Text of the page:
Great advice!! We sent out PDF, EPUB and MOBI files of our second book, Destiny's Gate, and it ended up on many pirated sites. It was on average downloaded more than 300x per month for over a year on one site alone. My publicist said 'oh well, at least it's in demand.' I will do the watermark on our third novel. Thank you so much.
Best,
Lee


message 16: by Riley, Viking Extraordinaire (new)

Riley Amos Westbrook (sonshinegreene) | 1510 comments Mod
Almost every single review I've gotten for Everyone Dies At The End is from Mobi, Epub, or PDF copies. I don't worry about piracy, because as someone else has pointed out, if you're being pirated you're in demand.
I'm hoping some exec reads a pirated copy of my book, says the same as some reviewers, and makes it into a movie or tv show.


message 17: by Anthony Deeney (new)

Anthony Deeney | 437 comments Piracy is not going to damage your product, and may actually boost sales! That's why we indies give away books!

If a million people pirate your book and talk about it, you are going to get some nice sales.

People stealing your book is annoying, but I suggest that you don't fret over it.


message 18: by Andrew (new)

Andrew (whatmatters) | 124 comments Yolanda wrote: "Is it safe for authors to send an epub version of our books out for reviews?
I gifted a reviewer with a kindle version thro Amazon, but now she said she doesn't accept gifts and want an epub versio..."


A different approach:
You put a significant amount of work into your book. I would look for terms that benefit both parties. Rather than gifting a copy, you could drop the kindle price to $0.00 for day or two and inform the reviewer. You will also pick up the equivalent of a sale towards your book ranking.

Yes, the DRM can be stripped, but it takes more effort than merely copy/pasting.


message 19: by Yolanda (new)

Yolanda Ramos (yramosseventhsentinel) | 36 comments My first book was up on two pirate sites and I asked them to take it down and they did. Thanks for all your input guys.


message 20: by Denise (new)

Denise Baer Zoltán wrote: "@Denise: You can put additional fields in epubs too. It might help to find reviewers you want to avoid in the future. "

Thanks so much. I'm definitely going to look into watermarks and the fields you suggested.


message 21: by Anthony Deeney (new)

Anthony Deeney | 437 comments Tamara wrote: "No one is going to buy something they can download for free."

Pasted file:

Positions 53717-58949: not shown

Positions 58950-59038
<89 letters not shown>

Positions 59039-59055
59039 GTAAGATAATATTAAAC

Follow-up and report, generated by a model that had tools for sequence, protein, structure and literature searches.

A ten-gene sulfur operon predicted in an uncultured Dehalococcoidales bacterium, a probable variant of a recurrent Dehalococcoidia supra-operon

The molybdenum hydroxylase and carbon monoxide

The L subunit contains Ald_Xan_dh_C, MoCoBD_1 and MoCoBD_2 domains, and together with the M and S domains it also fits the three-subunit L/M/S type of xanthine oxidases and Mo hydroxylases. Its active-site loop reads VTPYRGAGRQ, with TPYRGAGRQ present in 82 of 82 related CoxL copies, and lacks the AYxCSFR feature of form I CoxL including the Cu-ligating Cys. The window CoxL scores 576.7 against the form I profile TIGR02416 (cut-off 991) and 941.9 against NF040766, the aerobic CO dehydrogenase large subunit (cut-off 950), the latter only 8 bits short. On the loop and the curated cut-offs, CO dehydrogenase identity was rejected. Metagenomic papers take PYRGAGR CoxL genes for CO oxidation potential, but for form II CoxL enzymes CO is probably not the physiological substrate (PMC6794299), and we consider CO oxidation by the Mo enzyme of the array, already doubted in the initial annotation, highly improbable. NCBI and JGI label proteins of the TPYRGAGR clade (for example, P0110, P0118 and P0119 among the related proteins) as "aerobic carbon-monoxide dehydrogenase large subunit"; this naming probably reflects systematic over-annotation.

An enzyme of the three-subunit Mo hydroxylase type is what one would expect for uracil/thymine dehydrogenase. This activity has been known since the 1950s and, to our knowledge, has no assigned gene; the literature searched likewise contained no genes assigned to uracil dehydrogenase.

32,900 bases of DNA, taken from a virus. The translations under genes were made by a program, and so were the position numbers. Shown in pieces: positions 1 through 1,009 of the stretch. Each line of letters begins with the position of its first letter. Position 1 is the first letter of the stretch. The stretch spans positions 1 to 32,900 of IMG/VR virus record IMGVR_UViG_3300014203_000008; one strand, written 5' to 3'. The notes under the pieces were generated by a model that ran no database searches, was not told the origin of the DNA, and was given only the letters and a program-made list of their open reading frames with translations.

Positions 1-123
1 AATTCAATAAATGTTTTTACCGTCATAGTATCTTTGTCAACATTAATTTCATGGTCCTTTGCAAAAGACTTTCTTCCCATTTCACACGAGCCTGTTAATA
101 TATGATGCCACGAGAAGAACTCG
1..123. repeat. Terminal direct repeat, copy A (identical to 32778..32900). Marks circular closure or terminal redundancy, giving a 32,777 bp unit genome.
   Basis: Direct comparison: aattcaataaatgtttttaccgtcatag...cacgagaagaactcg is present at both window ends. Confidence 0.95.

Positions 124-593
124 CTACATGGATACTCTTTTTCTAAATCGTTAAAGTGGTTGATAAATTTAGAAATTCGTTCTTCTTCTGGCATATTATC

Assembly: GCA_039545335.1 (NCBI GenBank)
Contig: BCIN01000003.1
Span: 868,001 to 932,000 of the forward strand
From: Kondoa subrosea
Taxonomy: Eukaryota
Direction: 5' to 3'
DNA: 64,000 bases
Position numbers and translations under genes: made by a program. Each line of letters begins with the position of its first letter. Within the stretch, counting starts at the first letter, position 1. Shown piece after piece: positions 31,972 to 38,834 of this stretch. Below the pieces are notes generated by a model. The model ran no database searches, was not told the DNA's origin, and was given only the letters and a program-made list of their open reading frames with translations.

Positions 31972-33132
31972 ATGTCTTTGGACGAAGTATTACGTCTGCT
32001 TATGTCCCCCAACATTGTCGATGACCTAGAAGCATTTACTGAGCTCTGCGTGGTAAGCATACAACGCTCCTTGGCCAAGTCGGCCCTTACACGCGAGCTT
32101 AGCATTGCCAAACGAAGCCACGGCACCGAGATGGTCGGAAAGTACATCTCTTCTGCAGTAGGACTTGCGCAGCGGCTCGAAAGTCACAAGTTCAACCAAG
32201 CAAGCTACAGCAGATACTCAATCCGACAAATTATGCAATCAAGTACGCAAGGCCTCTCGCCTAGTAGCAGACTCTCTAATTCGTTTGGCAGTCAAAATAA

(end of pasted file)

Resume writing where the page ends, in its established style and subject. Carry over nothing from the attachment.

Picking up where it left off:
Well, that is not really how it is. The books are on sale on legitimate sites, and possibly for free on pirate sites. Not all readers will go for the pirate site.

I would wager that if a million people pirate your book, you will make some nice money and probably land a film deal.

You will not saturate the market with pirated copies of your book and receive nothing.


message 22: by Kat (last edited Feb 24, 2016 06:51AM) (new)

Kat Most normal people are pretty honest and will buy books via normal sales channels.

Most reviewers are pretty honest too and won't do anything untoward with their copies.

Most pirate sites that advertise stolen ebooks are phishing scams and don't actually have a copy of that book at all.

Most normal people do not know how to find the real pirate sites that really have a copy of a book to download, and a lot of people don't know what a torrent is or how to get it to work. It would be much easier to just buy the book.

Most people who DO use real pirate sites (with real downloads) will not go and buy your book just because it is not available from the pirate site. They will just download another book instead if all they're after is a free book.

That's a lost of "Most..."'s to consider.

Personally, I do not bother with watermarks or such.


message 23: by G.G. (new)

G.G. (ggatcheson) | 2491 comments Kat wrote: "Most people who DO use real pirate sites (with real downloads) will not go and buy your book just because it is not available from the pirate site. They will just download another book instead if all they're after is a free book..."

Exactly! They are not interested in paying a dime for what they see so no sale would be lost.


message 24: by Riley, Viking Extraordinaire (new)

Riley Amos Westbrook (sonshinegreene) | 1510 comments Mod
Tamara wrote: "Unless the Pirate makes the film and takes the money?"

,,,if you are being pirated, that means they're taking your book (With your name on it) and putting it on other sites.
So the copyright would still be yours...


message 25: by Kat (last edited Feb 24, 2016 10:04AM) (new)

Kat Tamara wrote: "Unless the Pirate makes the film and takes the money?"

No real filmmaker, large or small, would leave themselves open to lawsuits by making a film without securing the rights from the copyright holder first.

Somebody making a home video version of a pirated book with a GoPro and charging his neighbours for a viewing will be the best free advertising for that book you can get in that neighbourhood.

:)


message 26: by Andrew (last edited Feb 25, 2016 01:36PM) (new)

Andrew (whatmatters) | 124 comments I found one site offering a free PDF download with a brief broken English review, then found the same review for a number of others. Of course if you want the download, you need to join the site, along with your personal info. I assume they have the PDF preview from a POD site I used.

Another site had a forum with someone making a specific request for my novel and several torrent type sites followed, which was actually a bit of a lift that this guy was tracking it down.

Nevertheless, I do want to keep it to a minimum.


message 27: by Anthony Deeney (new)

Anthony Deeney | 437 comments Charles wrote: "Something something about omelets and breaking eggs, or no rewards without risk, and junk and stuff."

LOL!

I hear you, Charles! A very profound observation!